Minnesota Democratic Rep. Ilhan Omar is not happy that a top House Democrat seemed to accuse her, along with President Trump, of spreading anti-Semitic messages.
In a series of tweets Friday, the congresswoman called it “sickening to watch people make false equivalences between the open bigotry and hatred of this president and progressives.”
Omar’s comments came a day after House Judiciary Chairman Jerry Nadler, D-N.Y., called out members of both parties – including Trump, Omar and Rep. Rashida Tlaib, D-Mich. – and suggested they have promoted anti-Semitic language.
“The growing anti-Semitism in our political dialogue is repugnant,” Nadler tweeted. “@realdonaldtrump’s comments about disloyalty are a vicious and dangerous anti-Semitic trope. And the Carlos Latuff cartoon forwarded by @RepRashida and @Ilhan can surely be read for its vile underlying message.”
Nadler was referring to Omar and Tlaib recently posting a cartoon to their Instagram stories depicting Israeli Prime Minister Benjamin Netanyahu silencing Tlaib by covering her mouth, and Trump doing the same to Omar.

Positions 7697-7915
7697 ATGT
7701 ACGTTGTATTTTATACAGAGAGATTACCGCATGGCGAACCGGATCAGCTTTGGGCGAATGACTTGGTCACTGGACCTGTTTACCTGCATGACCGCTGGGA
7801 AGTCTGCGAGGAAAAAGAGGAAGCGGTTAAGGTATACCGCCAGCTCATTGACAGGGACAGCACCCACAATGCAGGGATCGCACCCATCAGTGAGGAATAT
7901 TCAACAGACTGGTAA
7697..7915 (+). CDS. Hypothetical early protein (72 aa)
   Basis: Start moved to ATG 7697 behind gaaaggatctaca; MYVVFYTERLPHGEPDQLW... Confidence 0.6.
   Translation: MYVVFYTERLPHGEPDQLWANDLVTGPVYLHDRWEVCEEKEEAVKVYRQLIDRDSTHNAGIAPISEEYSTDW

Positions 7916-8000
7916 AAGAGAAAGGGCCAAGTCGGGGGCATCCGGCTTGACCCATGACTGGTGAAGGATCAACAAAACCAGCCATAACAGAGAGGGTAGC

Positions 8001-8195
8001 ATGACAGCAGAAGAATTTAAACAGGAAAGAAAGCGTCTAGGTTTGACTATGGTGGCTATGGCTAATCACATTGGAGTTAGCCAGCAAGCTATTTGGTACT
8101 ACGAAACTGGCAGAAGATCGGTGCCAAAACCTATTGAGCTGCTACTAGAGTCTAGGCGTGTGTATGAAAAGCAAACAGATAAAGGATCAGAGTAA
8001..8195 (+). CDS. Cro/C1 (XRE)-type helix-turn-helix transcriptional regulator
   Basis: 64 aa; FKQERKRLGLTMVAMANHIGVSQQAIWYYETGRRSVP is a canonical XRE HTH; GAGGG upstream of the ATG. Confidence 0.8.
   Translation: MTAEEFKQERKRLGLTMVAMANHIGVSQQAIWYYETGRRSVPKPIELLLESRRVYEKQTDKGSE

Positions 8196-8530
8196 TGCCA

In her tweets Friday, Omar claimed to have spoken out about the “rise in anti-Semitic violence” and said she defends "all religious minorities — at every turn.” In reference to the past allegations of anti-Semitic remarks, she said she also is engaged in “accounting for and learning from my own mistakes to become a better ally.”
“But now is not the time for false equivalences,” Omar said. “Our president is attacking basic values of religious pluralism. You are either serious about protecting religious minorities of all stripes or you are not serious about any.”
Tlaib and Omar, who have been in the news over Israel’s decision to impose significant restrictions over their planned visit, held a news conference Monday in protest. Omar and Tlaib have been outspoken critics of Israeli policies and have expressed support for boycotts of the country. They also have been known for their anti-Trump activism.
Fox News' Ronn Blitzer contributed to this report.